missouri30- Missouri (1992): I was soon on my way back to the “south” after landing a temporary contract position with a Japanese production facility in Shelbyville, KY. I drove out there from Mesa, AZ and made my way through New Mexico, Texas, Oklahoma, and then northeast into Missouri. I got my first view of the great Arch in St. Louis on this trip.  Missouri is one of those frequently passed through states on my way west, but I have not missed out on the wonders of this state as well as the quirkiness.  I have a close friend in Kansas City and love the BBQ there.  But, Tightwad, Peculiar, Success and Romance are places I seem to remember the most.

At the St. Louis Arch in Missouri
At the St. Louis Arch in Missouri
Then there is place called Tightwad in MO and they even have a bank!
Then there is place called Tightwad in MO and they even have a bank!
I took the road, but never did find Romance in Missouri in 2011
I took the road, but never did find Romance in Missouri in 2011

kentucky31- Kentucky (1992): Eventually, I made my way into Louisville, where I would live and then drive the daily 30 miles east to Shelbyville. That gig lasted about 8 months. It was there, at Katayama American that I eventually met my now very close friend, Ron Bell, who goes by the stage name Antsy McClain. That is another story, but, through him I have also had opportunities to travel this great country and be part of an amazing musical adventure that had some of my dreams fulfilled. Ultimately, in 1993, the entire family moved to Kentucky as I was hired full-time by a company in Frankfort, KY – Ohi America, another Japanese parts manufacturer.  We have lived in Kentucky since 1993 and love it here.  I have literally traveled most of the back roads of the state, been to the highest point in southeastern Kentucky, been into the depths of Mammoth Cave, been to the Kentucky Derby and traveled the Bourbon Trail (without drinking any).

Singing with good friend Antsy McClain, who I met in Kentucky in the 1990s
Singing with good friend Antsy McClain, who I met in Kentucky in the 1990s
Sumoflam at Kentucky Stonehenge
Sumoflam at Kentucky Stonehenge in 2013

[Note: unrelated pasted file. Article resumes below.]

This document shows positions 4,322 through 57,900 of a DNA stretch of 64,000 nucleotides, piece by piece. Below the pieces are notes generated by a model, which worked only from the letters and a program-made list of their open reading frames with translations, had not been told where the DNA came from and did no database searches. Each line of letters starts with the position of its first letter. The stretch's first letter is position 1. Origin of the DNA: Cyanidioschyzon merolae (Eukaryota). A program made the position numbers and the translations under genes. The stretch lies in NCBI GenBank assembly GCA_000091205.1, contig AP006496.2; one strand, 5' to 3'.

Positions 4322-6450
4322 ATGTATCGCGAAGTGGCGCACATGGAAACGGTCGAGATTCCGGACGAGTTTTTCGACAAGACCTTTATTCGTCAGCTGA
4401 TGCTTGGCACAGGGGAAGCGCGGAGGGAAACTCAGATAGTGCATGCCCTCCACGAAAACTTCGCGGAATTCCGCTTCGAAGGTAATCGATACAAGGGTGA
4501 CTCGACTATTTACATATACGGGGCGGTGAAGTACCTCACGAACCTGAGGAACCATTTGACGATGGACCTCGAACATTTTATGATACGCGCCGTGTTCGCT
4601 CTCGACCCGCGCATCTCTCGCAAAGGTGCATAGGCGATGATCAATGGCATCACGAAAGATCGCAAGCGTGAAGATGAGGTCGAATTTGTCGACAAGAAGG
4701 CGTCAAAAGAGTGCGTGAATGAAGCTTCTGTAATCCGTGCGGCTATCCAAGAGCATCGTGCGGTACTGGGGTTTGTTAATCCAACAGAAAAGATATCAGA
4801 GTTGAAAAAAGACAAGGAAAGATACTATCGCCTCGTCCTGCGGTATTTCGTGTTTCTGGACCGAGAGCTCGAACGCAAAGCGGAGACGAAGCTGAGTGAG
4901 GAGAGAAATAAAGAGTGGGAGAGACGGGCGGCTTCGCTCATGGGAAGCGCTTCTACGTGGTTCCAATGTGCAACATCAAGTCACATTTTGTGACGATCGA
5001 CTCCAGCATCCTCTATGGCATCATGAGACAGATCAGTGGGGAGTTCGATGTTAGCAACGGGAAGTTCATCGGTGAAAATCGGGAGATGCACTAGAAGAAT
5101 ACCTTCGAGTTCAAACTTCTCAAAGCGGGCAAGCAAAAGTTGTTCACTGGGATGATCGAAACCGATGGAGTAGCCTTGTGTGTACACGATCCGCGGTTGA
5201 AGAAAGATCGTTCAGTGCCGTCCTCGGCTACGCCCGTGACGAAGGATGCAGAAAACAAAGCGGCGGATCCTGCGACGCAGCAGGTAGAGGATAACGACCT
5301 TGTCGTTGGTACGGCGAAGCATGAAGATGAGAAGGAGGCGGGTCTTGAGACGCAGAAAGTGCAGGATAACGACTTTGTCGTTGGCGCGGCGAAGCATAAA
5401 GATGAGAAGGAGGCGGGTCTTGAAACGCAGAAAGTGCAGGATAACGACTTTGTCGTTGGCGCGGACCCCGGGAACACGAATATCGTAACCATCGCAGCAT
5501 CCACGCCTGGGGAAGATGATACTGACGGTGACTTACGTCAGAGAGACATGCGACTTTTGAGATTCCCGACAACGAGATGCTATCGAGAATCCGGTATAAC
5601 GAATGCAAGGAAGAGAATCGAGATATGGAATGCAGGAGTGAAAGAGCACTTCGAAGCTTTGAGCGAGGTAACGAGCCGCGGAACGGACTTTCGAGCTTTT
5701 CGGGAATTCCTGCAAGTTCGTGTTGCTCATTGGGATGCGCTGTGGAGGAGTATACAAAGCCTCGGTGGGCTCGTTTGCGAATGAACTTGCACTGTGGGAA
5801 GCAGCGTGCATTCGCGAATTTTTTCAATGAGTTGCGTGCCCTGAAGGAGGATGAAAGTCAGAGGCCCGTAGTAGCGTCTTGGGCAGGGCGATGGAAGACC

World's largest Louisville Slugger Bat in downtown Louisville
World’s largest Louisville Slugger Bat in downtown Louisville
With a nice Pink Elephant in Guthrie, KY on the border with Tennessee in 2014
On the floor at mid-court in Rupp Arena in downtown Lexington in 2013
At home in Lexington, KY - home of the UK Wildcats
At home in Lexington, KY – home of the UK Wildcats

kansas32- Kansas (1993): As the family left Arizona in July 1993, we made our way north from Mesa, AZ into Flagstaff, to the Grand Canyon, on to Monument Valley in southern Utah, then to Four Corners. From there we continued east through Pueblo and into Kansas, eventually staying one night in Dodge City.  I have been across many parts of Kansas and learned some of the interesting history of this cattle filled state.

Little House on the Prairie in Eastern Kansas with the family in 1993
Little House on the Prairie in Eastern Kansas with the family in 1993

west-virginia33- West Virginia (1996): In 1996 we hosted a French exchange student named Barbara. During her visit we took a family trip to the East Coast, just me and the kids. On this trip we passed through West Virginia and went to the New River Gorge. We then went through Shenandoah NP in Virginia, visited Williamsburg and Jamestown and then made our way to Norfolk and revisited the Chesapeake Bay Bridge Tunnel with the kids. We then made it into Delaware and Maryland…including crab cakes at an old crab shack on the Delmarva Peninsula.

Taken on a drive through West Virginia in 2015. Been there many many times.
Taken on a drive through West Virginia in 2015. Been there many many times.
The kids at New River Gorge overlook in 1996
The kids at New River Gorge overlook in 1995

georgia34- Georgia (1997): As members of the LDS Church, we made occasional trips to the temple. In 1997 our closest temple was near Atlanta, so we made a couple of trips there to do baptisms for the dead with our older children.  I later made many trips to Georgia for iHigh.com while visiting high schools in the Atlanta area.  In early 2013 we made a trip down to Georgia to pick up a trailer and got to visit Savannah and also made our way to the humongous Stone Mountain.

Visiting Stone Mountain in Georgia in 2013

pennsylvania35- Pennsylvania (1998): My oldest daughter Amaree had graduated from high school and was invited to participate in a national choir that was tour Europe. That same summer our second daughter Marissa went to France to visit our former exchange student Barbara. Amaree needed to be dropped off in Pennsylvania so we made the trip there, let her go with the choir and visited the Gettysburg National Park and it happened during the 135th anniversary of Pickett’s Charge (July 4th/5th) and then were tents everywhere for a huge reenactment. Was pretty cool. I have since made over a dozen trips to Pennsylvania visiting Amish Country, the Great Lakes, Bethlehem/Allentown and Philadelphia, amongst other places.

Smile...you are in Pennsylvania...so I smiled!
Smile…you are in Pennsylvania…so I smiled!
Visiting the famed Geno’s Philly Cheese Steak joint in Philadelphia 2008
At the Mr. Rogers dinosaur in Pittsburgh in 2011